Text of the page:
Civilization self-destructs through social means. When there is no longer a goal in reality, the goal becomes pleasing people so that the group with no purpose sticks together. At this point, certain pleasant illusions become a religion for people because to not follow these is to invite controversy and through it, displeasure.
An even more fundamental conflict exists between those with intelligence and those who are merely clever. The intelligent are able to anticipate the results of their actions, and to limit their actions to those that they know will turn out well, where the clever are masters of justification and stating a partial truth as the whole. This allows them to endorse actions which have ultimately bad effects but which appear good in the intervening time.
People in social groups develop a pretense of being good because this is how they explain their relevance to the group. They justify this pretense with the socially popular fictions, and in doing so, compel themselves to constantly scapegoat those who violate the norms. Entire civilizations walk lock-step into oblivion not by compulsion, but by each individual competing for social attention.
Cities are destructive through the same process that killed black metal. A going concern becomes of interest, and then all the me-too people show up to demand their place at the table. In doing so, they replace the competent with the merely able to follow instructions, and so these people gradually introduce error and confusion as they hide difficult issues and pursue easy ones. The anonymity of the city makes this easy.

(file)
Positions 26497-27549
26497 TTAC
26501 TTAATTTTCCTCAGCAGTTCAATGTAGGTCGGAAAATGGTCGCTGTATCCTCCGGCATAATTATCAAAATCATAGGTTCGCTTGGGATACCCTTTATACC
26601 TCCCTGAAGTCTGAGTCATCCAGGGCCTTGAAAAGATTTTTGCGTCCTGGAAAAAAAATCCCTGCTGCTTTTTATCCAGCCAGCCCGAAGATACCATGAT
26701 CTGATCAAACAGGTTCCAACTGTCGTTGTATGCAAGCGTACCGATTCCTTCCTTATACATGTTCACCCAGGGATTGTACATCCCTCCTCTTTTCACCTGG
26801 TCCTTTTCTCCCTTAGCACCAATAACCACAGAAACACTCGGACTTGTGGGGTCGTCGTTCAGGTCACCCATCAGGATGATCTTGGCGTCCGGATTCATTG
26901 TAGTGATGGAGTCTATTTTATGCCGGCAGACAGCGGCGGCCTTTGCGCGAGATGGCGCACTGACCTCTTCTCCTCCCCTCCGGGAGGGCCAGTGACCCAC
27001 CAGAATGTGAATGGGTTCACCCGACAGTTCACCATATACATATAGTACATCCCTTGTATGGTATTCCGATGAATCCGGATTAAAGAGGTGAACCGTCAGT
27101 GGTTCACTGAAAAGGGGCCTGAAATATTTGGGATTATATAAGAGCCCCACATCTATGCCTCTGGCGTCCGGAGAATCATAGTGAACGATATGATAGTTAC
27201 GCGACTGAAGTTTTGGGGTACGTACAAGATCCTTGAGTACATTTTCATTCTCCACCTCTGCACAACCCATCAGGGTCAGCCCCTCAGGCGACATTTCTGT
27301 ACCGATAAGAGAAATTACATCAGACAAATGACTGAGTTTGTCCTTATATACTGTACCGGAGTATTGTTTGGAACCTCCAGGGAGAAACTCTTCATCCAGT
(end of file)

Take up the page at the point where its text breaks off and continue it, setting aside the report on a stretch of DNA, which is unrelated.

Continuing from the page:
The cult of public appearance also creates what we might call “lowercase-c conservatism,” or a type of nanny state based on warning against potential threats. Those who warn of a threat are forgiven even if the threat turns out not to be true; those who do not warn are viewed by the herd as a threat, because the herd has become reliant on those voices to warn it of terrors.
People are fundamentally self-destructive. In their personal lives, they chase goals that are not real and ignore what is vital. In groups, they pursue any idea that is mentally convenient enough to hold the group together, whih means ignoring all real problems. The Christian concept of “original sin” holds that we are all pretty much evil stupid monkeys until we use grace, or a transcendental view of reality, to snap out of our simian fugue.